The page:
This book definitely keeps you guessing - a bit like James Barclay in the way that the author doesn't flinch at killing off characters - you know the type, "the six heroes battled their way through two hundred slavering monsters using their barely trained but stupendous powers, with barely a scratch, and the hero and heroine march off into the sunset and live happily ever after", blech!
You get the sense of isolation and remoteness, the fact that people are fighting for their survival after decades of occupation by a race of beings that are superior predators. The invaders can create monsters to do their bidding, sending them out to harvest human souls to preserve their lives indefinitely - hence the vampire bit. However, that's where the similarity to most vampire stories ends - forget snuggling up to a sexy vampire and getting lost in ecstacy and all that rubbish - these vampires will rampage through whole villages and rip everyone's heart out, sending the unfortunates' souls back to their master to feed on.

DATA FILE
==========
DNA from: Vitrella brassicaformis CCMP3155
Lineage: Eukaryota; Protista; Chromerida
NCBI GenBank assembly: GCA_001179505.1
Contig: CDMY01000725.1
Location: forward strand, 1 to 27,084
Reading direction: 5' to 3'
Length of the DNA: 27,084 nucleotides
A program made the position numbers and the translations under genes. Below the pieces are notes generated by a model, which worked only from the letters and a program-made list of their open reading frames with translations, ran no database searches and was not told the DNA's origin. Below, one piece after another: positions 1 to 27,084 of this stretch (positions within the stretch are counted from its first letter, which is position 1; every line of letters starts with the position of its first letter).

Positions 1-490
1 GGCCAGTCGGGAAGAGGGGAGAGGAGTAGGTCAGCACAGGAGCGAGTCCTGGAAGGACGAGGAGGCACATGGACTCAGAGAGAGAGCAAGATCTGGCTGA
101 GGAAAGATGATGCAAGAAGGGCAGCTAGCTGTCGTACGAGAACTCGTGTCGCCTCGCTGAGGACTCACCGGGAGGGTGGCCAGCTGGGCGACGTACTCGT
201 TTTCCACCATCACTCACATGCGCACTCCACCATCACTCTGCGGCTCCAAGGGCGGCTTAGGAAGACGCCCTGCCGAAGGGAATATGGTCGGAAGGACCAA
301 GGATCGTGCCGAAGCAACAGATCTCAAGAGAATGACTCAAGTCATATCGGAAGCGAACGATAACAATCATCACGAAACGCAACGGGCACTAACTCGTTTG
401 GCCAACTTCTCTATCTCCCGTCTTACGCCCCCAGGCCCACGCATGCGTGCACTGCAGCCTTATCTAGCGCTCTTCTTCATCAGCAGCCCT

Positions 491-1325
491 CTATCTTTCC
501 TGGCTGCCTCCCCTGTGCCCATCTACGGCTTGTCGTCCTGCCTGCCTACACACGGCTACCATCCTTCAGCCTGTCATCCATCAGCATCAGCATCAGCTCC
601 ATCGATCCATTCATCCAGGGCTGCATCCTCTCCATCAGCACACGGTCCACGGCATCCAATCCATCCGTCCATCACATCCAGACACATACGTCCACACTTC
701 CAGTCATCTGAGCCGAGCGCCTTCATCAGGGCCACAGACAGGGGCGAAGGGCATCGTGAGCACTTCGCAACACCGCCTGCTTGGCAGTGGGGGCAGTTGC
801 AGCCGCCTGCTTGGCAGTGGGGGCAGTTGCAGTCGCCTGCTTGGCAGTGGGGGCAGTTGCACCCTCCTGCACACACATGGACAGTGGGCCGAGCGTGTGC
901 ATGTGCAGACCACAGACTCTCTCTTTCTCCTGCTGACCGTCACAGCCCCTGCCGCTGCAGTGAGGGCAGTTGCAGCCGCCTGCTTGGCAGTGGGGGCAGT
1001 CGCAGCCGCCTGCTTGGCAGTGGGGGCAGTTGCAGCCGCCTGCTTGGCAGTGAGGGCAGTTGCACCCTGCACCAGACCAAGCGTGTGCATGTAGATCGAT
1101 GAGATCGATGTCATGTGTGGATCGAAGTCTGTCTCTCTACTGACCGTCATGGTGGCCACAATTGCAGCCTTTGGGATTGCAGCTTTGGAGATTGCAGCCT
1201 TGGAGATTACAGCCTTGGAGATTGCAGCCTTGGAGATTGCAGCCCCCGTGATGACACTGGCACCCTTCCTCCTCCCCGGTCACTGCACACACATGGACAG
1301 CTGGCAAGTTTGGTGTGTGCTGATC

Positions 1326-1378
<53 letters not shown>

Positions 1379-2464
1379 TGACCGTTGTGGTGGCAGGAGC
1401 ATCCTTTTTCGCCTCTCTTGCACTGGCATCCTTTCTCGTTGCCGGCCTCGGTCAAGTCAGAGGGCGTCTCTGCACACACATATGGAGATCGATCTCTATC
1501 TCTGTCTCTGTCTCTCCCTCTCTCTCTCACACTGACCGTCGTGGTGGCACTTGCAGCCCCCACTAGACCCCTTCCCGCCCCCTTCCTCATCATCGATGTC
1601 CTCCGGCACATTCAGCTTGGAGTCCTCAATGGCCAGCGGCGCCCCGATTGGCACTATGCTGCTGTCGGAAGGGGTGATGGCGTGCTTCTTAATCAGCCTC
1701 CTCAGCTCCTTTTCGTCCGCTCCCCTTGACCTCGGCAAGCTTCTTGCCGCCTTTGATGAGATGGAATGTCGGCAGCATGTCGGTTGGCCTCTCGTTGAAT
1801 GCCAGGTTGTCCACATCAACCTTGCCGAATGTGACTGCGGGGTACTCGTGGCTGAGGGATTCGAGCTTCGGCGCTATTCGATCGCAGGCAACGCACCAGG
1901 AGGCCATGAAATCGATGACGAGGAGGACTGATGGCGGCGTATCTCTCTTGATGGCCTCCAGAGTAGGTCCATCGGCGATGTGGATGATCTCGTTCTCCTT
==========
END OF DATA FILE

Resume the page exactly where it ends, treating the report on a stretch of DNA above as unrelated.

It's not that gruesomely detailed, really, but the reactions and emotions of the humans are understandable given the force they face. David Valentine is orphaned by a patrol (human helpers of the invaders - lots of layers to this, but think nazi collaborators in WWII) and joins the resistance force as a wolf (there are also cats - lone assassins - and bears - elite, baddest human fighters).
As I said, this book is anything but predictable, the characters very well fleshed out and, wonder of wonders, not everything is expained in two-year old diction at the start of the book, the reader is credited with some intelligence to come to our own conclusions, and all through the story, new complexities are added to the plot. All in all, having read a lot of fantasy books, I rate this very highly - actually, i've just ordered the rest of the series!